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Wyandotte County, Kansas




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The Story of Kansas City, Kansas

"The Conversion"

Up to 1817 the Wyandots had been wild and uncivilized.  They wore clothes of flaming colors.  The women rode on shaggy ponies over the countryside just as the men did, and cared little for household arts.  The men hunted and fished and let their rich farm lands go uncultivated.

At this same time there lived in southern Ohio a colored man, John Stewart.  In his youth Stewart had lived a sinful life.  Then he was converted to Christianity and joined the Methodist Church.  After his conversion he went about preaching the gospel and urging others to lead a better life.

One night John Stewart had a vision, or dream.  Far to the north, he said, there appeared to him an Indian tribe in need of his help.  Early the next morning he set out to seek these people.

After days of travel, Stewart reached an Indian village.  The people received him kindly and accepted his teachings.  Something told him that they were not the people of his vision.  He resumed his search and at last arrived at the Wyandot village.

A few of the Indians knew a little of the Catholic faith, handed down to them by their ancestors who had been converted by French missionaries.  Most of them were pagans.  With the help of English-speaking Wyandots, John Stewart preached the gospel.  So sincere was he in his teaching and so eager were the Indians to learn that two hundred joined the church.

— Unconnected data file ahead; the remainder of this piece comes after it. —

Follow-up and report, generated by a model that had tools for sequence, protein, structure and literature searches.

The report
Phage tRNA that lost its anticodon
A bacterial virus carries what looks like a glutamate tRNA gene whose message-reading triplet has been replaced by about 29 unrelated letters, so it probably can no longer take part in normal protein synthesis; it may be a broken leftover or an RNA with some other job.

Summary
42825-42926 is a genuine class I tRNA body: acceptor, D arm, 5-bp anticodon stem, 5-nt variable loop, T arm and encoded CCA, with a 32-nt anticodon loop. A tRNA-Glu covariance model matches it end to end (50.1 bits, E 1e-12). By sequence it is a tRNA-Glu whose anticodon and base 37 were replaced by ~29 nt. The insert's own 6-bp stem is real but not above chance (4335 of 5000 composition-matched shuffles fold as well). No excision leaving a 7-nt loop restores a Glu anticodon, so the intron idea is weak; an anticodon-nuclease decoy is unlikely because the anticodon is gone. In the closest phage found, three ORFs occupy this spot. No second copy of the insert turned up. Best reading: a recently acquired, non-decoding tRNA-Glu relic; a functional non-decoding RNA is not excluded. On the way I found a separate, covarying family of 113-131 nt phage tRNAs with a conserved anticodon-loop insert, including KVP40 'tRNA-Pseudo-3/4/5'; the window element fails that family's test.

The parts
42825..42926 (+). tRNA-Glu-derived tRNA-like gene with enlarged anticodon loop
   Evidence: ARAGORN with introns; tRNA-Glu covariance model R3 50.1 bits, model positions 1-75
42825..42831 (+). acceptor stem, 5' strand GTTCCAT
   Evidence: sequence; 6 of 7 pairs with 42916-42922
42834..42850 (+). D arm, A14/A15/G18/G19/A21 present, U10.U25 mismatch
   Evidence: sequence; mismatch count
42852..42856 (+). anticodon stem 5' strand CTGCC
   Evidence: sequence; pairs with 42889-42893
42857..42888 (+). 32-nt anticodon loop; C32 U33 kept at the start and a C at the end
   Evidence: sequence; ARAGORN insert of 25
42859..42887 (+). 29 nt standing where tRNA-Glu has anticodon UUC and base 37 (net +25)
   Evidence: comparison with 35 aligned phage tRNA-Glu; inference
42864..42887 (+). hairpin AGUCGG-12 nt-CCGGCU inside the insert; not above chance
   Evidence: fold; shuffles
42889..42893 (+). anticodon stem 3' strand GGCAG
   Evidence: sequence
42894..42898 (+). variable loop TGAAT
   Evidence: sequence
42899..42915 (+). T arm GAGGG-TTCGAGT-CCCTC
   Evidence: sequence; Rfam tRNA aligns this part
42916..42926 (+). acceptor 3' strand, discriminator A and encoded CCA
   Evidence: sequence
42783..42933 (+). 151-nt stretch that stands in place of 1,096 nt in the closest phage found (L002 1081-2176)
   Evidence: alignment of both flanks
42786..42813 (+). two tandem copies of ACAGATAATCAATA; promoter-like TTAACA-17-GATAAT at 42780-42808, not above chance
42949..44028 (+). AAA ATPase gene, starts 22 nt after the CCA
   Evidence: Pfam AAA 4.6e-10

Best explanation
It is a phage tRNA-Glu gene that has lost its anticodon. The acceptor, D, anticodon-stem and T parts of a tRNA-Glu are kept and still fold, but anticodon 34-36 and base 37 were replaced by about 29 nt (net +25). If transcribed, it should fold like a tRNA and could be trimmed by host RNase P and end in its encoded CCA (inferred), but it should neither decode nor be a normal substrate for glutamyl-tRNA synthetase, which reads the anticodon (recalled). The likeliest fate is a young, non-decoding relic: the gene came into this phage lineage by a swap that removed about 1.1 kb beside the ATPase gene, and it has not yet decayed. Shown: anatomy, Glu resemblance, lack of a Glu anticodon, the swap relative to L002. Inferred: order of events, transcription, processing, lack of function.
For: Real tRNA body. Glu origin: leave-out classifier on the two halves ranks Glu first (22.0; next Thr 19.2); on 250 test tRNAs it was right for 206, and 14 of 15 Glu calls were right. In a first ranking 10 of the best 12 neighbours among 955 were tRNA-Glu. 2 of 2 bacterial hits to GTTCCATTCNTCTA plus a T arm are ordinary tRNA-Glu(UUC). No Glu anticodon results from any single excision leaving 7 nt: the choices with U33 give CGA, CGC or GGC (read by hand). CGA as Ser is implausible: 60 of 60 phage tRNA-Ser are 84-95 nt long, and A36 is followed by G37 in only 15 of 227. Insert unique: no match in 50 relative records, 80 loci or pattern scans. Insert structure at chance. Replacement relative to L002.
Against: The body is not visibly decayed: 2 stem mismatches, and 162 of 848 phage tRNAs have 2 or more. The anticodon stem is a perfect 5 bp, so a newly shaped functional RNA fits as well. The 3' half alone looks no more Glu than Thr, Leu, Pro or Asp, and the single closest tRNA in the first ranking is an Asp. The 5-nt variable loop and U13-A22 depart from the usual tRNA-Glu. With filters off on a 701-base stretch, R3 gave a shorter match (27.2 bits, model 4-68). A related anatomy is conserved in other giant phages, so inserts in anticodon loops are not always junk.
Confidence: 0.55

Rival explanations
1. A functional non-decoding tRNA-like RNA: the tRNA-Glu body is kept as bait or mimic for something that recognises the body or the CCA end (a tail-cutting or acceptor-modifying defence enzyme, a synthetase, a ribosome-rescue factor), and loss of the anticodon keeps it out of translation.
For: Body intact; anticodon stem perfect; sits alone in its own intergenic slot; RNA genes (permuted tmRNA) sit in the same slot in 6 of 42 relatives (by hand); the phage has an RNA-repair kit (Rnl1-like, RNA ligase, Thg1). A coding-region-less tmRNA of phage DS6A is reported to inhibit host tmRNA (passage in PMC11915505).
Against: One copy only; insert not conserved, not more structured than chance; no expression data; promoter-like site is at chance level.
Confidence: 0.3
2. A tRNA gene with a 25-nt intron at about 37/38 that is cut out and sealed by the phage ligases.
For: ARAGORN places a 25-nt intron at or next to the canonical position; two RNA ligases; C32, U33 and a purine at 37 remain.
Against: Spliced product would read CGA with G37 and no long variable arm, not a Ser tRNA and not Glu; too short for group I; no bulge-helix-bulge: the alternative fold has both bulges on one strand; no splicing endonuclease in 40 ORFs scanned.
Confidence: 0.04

In 1819 the Methodists sent a missionary to the Wyandots.  This was the first mission ever established by that church.  For almost twenty-five years the missionaries came, bringing with them their wives and children.

Within the space of twelve years the improvement in the tribe was notable.  The men learned farming methods and built new homes.  They erected a church and a school.  The wives of the missionaries taught the Indian women to sew, cook and keep house.  Dr. Charles Elliott, the first missionary, conducted religious services and taught the school which he established.  He was the first person to put the Wyandot language into written form.  The Wyandots learned quickly in school and practiced their religion with great devotion.


The Wyandots had warred with other Indians for so long that they had lost many members.  Their numbers became greatly reduced.  To replace their losses the Wyandots adopted white people into the tribe.  Sometimes a Wyandot married a white person who then became a member.  The Indians stole white children and raised them with their own families.  The children were well related, for no matter how cruel Indians were to their enemies, they were kind to their own and to their adopted children.

Many of the seven hundred Wyandots in Ohio were white or nearly white; there no full-blooded members among them.  A number of these adopted members and their descendants became leaders in the tribe.

Prominant Wyandots

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Contact the History Webmaster - Patricia Adams

History Site created on December 02, 2002
Page last updated: 02-Jan-2012

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